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Thursday, October 18, 2012

More on Buddhism Mindfulness and Buddho from Luangta Maha Boowa

The other day I posted an  Ajahn Chah desana about reciting Buddho and mindfulness so thought today that I might post a talk by  Luangta Maha Boowa, Nearing the end of Pansaa in Thailand,as elsewhere, I always find a special time as it means that we will soon be approaching the Kathin Season. This is the season that is sort of Christmas and Family reunion time for the bhikkhu sangha and a time for us the supporters of the Sangha to appreciate the simplicity and elegance that Buddhism exemplifies.
Once again in Luangta's teaching we see that mindfulness is meditation, just as meditation is mindfulness.
He also reminds us to just notice and not to judge things, which for me can be a real bugger.
So without further adieu ...

From "Things As They Are"

This talk was originally given extemporaneously to the monks at Venerable Ãcariya Mahã Boowa’s monastery, Wat Pa Baan Taad, in Udorn Thani Province,Thailand.

... Whichever theme you focus on, be earnest with it, keeping
mindfulness in constant touch with the work you are doing.
For example, if you’re focusing on the repetition of Buddho,
keep constantly aware of the word Buddho, Buddho, as if there
were nothing else left in the world for you to become two with
this or three with that. There is only one thing: the word Buddho
blending step by step with your awareness. As the citta becomes
more and more still, the Buddho you are repeating will more and
more blend into one with your awareness. Then the word
Buddho, Buddho will fall silent, leaving only an awareness that’s
more conspicuous than before. This means that you’ve reached
the citta. To put it in terms of following the tracks of an ox,
you’ve reached the ox and can let go of its tracks. Here you’ve
reached the inner Buddha, which is like the ox, so now you can
let go of the meditation word.
The same holds true if you focus on keeping the breath in
mind. Whether the breath is heavy or refined, simply be aware
of it as it normally is. Don’t set up any expectations. Don’t force
the breath to be like this or that. Keep your awareness with the
breath, because in meditating by taking the breath as your preoccupation,
you’re not after the breath. The breath is simply
something for the mind to hold to so that you can reach the real
thing, just as when you follow the tracks of an ox: You’re not
after the tracks of the ox. You follow its tracks because you want
to reach the ox. Here you’re keeping track of the breath so as
to reach the real thing: Awareness. If you were to start out just
by holding on to awareness, you wouldn’t get any results, just
as you wouldn’t be sure of finding the ox if you simply went
around looking for it. But if you follow its tracks, you’re going to
find it for sure. Your meditation word has to keep moving in. This
is called following the tracks of the ox step by step until you reach
the ox, or that what knows: namely the citta.
The same holds true with focusing on the breath. If it’s heavy,
know that it’s heavy. Don’t get worried or upset about it, and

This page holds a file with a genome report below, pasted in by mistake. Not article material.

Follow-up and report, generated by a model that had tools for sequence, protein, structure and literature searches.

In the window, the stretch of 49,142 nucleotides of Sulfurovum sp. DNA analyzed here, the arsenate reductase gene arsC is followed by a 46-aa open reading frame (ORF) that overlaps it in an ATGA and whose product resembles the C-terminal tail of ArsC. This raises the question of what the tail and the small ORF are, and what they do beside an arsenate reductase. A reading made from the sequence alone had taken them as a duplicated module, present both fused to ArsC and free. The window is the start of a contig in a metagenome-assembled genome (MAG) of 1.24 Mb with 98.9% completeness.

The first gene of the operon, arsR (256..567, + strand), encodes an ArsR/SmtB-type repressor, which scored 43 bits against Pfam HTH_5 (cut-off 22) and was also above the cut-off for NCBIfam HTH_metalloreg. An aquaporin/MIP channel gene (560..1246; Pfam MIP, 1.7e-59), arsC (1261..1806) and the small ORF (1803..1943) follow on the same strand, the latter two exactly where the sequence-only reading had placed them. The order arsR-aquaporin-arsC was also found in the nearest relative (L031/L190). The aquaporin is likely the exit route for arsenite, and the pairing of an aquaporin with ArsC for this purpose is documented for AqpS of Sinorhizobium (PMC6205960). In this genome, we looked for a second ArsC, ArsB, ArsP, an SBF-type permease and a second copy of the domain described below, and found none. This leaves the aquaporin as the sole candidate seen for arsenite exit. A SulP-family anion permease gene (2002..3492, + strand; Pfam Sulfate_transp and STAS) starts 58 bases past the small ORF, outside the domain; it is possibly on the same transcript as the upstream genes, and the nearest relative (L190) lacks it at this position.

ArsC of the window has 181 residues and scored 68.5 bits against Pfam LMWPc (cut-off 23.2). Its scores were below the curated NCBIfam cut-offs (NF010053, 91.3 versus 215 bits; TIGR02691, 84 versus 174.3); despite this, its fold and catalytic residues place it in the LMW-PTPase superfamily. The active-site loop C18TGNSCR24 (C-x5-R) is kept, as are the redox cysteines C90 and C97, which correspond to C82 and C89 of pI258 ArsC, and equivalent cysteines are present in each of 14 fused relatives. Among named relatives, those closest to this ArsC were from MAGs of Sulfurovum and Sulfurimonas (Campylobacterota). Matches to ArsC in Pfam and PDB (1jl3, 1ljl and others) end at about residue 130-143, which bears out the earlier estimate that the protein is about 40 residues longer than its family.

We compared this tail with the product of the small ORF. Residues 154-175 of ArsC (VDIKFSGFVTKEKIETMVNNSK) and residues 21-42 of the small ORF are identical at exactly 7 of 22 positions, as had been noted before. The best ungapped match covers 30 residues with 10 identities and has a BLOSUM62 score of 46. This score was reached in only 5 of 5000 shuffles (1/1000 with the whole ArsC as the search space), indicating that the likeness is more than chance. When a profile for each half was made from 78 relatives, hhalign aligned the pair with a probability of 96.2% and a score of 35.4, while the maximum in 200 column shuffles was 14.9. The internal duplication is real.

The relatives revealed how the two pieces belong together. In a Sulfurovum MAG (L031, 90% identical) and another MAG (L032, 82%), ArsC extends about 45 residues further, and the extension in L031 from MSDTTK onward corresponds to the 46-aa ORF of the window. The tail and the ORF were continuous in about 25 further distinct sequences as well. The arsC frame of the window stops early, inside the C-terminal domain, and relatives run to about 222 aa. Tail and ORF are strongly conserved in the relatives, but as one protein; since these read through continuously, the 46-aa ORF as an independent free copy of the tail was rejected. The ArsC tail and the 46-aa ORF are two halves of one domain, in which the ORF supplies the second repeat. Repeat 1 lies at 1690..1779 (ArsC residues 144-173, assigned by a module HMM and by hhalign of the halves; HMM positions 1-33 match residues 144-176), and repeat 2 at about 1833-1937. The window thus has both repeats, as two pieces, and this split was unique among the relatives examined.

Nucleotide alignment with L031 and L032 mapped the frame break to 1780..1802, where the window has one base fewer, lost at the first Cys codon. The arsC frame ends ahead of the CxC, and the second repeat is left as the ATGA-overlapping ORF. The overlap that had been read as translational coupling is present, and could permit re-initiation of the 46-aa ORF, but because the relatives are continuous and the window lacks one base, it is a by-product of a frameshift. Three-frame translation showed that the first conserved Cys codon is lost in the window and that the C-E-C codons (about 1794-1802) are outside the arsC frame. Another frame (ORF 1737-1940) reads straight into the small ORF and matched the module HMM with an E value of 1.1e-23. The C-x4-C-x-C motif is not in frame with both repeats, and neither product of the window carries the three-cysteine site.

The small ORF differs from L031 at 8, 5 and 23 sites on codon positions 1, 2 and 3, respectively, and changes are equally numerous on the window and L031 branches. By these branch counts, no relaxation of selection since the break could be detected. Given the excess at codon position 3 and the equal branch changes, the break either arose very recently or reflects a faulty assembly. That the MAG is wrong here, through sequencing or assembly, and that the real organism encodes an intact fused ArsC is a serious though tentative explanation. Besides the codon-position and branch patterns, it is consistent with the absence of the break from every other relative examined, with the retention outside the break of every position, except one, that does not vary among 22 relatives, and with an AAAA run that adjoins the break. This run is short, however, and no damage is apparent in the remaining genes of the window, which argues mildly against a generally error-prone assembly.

don’t be afraid that you’ll die because the breath is heavy or
because you feel suffocated. When you do heavy work, you feel
suffocated – don’t think that you feel suffocated only when focusing
on the breath. There are a lot of other things more suffocating
than this. If you carry a post or lift something heavy,
you feel suffocated to death all over the body, not just in the
chest or in the breath. The whole body is ready to burst because
of the heaviness and great pain, and yet you can take it. You
even know that it’s because of the heavy object, and that’s the
way it has to be.
While you focus on keeping the breath in mind when the
breath is coarse, it’s as if you were lifting something heavy. It’s
naturally bound to feel suffocating, so don’t worry about it. Even
if it’s suffocating, the important point is to keep track of the
breath coming in and out. Eventually the breath will become
more and more refined, because mindfulness is focused on the
breath and doesn’t go anywhere else. When the breath goes in,
be aware of it. When it goes out, be aware of it, but there’s no
need to follow it in and out. That would simply be creating a
greater burden for yourself, and your attention might slip away.
So focus right on the entry point where the breath goes in and
out. In most cases, the tip of the nose is the place to focus on
the breath. Keep watch right there. Keep aware right there. Don’t
waste your time speculating or planning on how the results will
appear, or else your mind will wander away from the principle
of the cause that will give rise to those results. Keep close watch
on the cause – what you are doing – and the breath will become
more and more refined.
When the breath becomes more refined, that shows that the
citta is refined. Even if the breath becomes so refined that it disappears
– at the same time that you’re aware that it’s disappearing
– don’t be afraid. The breath disappears, but your awareness
doesn’t disappear. You’re meditating not for the sake of the
breath, but for the sake of awareness, so stay with that awareness.
You don’t have to worry or be afraid that you’ll faint or
die. As long as the mind is still in charge of the body, then even
if the breath disappears, you won’t die. The mind will dwell with
freedom, with no agitation, no worries, no fears at all. This is
how you focus on the breath.
The Tracks of the Ox